• X-Men – The role of Wolverine made Hugh Jackman a huge star and is probably the lead character of those films so don’t try and repeat that trick when it’s rebooted, do something different. Wolverine isn’t the be-all and end-all, they’re a team, let some of the other X-Men shine.
  • Fantastic Four – this may be controversial – find a way to make Doctor Doom and Silver Surfer into interesting cinematic characters or let them go – it’s okay to make new stuff up.
  • X-Men – Too powerful – Stop making people all-powerful. Wolverine is practically indestructible and immortal and every so often Jean Grey becomes all-powerful and, Professor X can do everything from mind control to stopping time

But it’s not just going to be problems and things going wrong and it has the potential to do some really interesting stuff.

Infinity War (superherohype.com)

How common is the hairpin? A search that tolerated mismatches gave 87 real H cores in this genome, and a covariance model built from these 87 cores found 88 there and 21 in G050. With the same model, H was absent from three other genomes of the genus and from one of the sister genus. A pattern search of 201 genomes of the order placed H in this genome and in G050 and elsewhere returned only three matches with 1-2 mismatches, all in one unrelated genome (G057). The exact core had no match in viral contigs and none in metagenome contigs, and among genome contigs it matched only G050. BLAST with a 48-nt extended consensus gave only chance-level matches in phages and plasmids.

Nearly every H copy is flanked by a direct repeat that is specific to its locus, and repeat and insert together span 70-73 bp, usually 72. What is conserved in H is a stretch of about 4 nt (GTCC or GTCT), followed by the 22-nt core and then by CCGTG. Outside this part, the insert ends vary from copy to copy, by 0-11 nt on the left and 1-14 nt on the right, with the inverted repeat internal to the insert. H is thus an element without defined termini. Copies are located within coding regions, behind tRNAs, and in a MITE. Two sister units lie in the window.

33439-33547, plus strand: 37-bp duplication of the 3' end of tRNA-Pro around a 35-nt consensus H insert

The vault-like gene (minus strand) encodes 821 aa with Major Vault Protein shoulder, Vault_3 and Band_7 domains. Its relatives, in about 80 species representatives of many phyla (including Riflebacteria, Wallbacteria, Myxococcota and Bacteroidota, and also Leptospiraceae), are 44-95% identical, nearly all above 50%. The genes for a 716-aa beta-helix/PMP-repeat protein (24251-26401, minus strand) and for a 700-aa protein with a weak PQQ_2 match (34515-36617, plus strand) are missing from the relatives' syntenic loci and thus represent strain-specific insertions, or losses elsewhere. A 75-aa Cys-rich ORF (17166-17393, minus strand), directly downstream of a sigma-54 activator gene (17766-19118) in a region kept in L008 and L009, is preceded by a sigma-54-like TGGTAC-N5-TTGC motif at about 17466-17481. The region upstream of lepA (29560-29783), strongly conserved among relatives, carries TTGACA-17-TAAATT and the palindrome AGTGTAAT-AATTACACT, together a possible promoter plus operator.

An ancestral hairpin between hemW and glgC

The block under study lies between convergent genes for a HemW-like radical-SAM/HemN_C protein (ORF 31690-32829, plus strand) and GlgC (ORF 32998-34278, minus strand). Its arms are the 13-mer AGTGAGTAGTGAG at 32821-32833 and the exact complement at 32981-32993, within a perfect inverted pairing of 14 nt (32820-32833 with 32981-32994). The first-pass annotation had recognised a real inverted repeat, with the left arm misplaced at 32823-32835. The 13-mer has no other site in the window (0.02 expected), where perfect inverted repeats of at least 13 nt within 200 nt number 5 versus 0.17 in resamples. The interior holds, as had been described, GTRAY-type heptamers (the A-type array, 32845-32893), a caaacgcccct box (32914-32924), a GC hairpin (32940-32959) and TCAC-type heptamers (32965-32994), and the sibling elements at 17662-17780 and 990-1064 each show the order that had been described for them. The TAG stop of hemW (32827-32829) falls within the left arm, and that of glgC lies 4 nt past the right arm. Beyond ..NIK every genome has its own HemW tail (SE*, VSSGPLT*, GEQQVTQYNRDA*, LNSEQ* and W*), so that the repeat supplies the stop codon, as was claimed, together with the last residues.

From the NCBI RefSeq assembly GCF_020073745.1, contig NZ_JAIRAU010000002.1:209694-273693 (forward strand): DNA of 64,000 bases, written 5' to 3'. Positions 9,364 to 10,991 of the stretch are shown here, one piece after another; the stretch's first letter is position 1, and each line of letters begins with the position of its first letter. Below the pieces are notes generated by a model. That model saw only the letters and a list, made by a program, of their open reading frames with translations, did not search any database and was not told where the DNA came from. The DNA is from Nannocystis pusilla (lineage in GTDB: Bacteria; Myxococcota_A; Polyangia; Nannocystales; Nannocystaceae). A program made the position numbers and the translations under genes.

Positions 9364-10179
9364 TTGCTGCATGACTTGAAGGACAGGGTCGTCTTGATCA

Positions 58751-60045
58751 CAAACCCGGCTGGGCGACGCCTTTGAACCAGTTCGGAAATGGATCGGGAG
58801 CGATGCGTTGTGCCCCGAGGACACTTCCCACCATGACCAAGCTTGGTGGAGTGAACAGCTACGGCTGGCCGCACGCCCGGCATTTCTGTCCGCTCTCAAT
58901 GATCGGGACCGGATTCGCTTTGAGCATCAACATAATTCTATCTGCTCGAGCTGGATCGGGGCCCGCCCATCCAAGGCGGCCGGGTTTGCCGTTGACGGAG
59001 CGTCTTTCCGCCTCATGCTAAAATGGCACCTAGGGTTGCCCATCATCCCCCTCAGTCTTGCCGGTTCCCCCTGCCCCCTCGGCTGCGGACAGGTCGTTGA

What Fans Want (or at least what this fan wants)

  • Deadpool with the X-Men – Deadpool was a great film and while not exactly an X-Man he’s X-Man adjacent and in the graphic novels he is definitely part of that world. The terrible X-Men Origins: Wolverine already had one go at this and completely wasted their opportunity so maybe finally the MCU can give us the insanely over-the-top fight that a Deadpool Vs Wolverine Battle of the Indestructible Mutants deathmatch that we all desperately want.
  • Who’d Win In A Fight Between….every playground’s favourite argument is who’d win in a fight between two people who should have no reason to fight. A popular one is who would win in a fight between The Hulk and The Thing (my money is on The Thing as The Hulk is driven by impulses whereas The Thing very much remains Ben Grimm). Reid Richards is a genius who could perhaps knock some of the smug out of Tony Stark while Magneto is perhaps the best villain in any of the Marvel films to date.